Have a fun, hearty meal set in a historic hall. Like all good Denver dining, at Euclid Hall you can expect to sample the city’s remarkable selection of craft ale on tap, but even the beefed-up beer menu is outshone by the meat – the main star of the show. Open all day, this is American tavern with fluid borders – French boudin noir, Quebecois poutine and North African merguez all make up the menu of cuts, sausages, sandwiches and sides. Local celebrities, chefs Jennifer Jasinski and Beth Gruitch, run several acclaimed Denver restaurants, all of which have garnered the respect of the city’s fine diners. Euclid Hall is their third.

If you only eat one thing… And you have a robust constitution, get the Duck poutine. 

Find it: 1317 14th Street, Historic Larimer Square, Denver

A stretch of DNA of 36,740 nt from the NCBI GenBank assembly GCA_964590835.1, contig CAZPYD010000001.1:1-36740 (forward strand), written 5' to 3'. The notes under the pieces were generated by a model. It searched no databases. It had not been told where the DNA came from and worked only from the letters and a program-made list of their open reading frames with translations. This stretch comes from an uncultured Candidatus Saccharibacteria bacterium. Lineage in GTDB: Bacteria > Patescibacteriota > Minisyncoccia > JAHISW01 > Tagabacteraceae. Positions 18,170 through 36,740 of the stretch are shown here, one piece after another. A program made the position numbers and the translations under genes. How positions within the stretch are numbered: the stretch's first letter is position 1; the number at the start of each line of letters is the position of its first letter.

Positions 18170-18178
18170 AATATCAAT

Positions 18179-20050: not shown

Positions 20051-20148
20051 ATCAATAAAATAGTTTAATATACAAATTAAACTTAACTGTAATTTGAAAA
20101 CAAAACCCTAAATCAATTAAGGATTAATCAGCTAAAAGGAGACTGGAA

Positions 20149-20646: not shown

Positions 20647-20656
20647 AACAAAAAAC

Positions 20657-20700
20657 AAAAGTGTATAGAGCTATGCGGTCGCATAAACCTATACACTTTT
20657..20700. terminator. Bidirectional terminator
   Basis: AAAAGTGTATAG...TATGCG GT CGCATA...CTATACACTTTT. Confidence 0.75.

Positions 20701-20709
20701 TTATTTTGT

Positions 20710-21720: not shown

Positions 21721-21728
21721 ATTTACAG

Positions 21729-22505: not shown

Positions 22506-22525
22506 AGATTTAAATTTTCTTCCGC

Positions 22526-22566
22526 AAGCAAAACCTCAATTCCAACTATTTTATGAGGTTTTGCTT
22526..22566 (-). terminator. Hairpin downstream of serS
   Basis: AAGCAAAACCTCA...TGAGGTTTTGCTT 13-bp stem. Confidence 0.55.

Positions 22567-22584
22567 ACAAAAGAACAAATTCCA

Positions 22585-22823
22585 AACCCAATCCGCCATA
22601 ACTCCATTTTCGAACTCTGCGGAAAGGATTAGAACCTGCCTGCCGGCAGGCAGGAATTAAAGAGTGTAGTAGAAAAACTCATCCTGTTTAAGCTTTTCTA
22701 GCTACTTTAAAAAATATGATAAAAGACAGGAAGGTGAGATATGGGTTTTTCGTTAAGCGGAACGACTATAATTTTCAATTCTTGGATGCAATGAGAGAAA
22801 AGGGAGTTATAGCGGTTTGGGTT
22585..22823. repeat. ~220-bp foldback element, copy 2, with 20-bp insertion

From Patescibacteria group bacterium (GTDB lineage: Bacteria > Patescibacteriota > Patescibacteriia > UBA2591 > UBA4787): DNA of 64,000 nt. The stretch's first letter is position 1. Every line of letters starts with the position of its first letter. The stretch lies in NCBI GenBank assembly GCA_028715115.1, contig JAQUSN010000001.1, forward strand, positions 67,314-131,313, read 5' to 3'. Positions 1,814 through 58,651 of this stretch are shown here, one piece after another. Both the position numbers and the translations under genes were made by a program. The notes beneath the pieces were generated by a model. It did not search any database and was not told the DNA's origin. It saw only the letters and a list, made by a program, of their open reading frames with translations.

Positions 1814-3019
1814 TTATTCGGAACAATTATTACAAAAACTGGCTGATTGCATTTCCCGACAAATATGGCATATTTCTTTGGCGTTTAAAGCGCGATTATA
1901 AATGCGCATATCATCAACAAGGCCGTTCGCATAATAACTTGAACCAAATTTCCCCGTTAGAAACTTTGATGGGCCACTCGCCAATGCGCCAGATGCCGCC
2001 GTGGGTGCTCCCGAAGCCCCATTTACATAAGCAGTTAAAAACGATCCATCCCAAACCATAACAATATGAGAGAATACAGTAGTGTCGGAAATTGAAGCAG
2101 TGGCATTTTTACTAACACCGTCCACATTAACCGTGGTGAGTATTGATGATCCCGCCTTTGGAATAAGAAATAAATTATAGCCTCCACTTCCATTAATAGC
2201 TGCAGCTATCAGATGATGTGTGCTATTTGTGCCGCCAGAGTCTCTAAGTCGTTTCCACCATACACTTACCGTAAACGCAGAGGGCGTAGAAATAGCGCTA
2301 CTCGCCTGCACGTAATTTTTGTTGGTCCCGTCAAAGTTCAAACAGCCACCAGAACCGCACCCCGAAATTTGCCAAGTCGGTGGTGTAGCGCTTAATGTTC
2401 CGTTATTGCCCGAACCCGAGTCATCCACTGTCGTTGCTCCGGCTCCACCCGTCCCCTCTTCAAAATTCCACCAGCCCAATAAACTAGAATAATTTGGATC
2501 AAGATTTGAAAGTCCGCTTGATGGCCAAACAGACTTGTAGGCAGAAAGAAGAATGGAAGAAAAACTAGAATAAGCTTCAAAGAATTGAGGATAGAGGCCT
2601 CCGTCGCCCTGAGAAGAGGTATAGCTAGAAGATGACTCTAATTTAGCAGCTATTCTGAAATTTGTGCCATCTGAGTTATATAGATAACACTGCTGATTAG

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  • The dining room at ChoLon. ©ChoLon.

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    Chef Lon Symensma moved down from New York to make his Denver debut with ChoLon. Go and visit.

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  • The duck poutine at Euclid Hall Bar & Kitchen. ©Euclid Hall Bar & Kitchen.

    A mean poutine

    Invented in Quebec… but perfected in Denver. Poutine is traditionally made with cheese curds, french fries and gravy. Euclid Hall adds duck to the mix, with glorious results.

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  • Tables at TAG. ©TAG.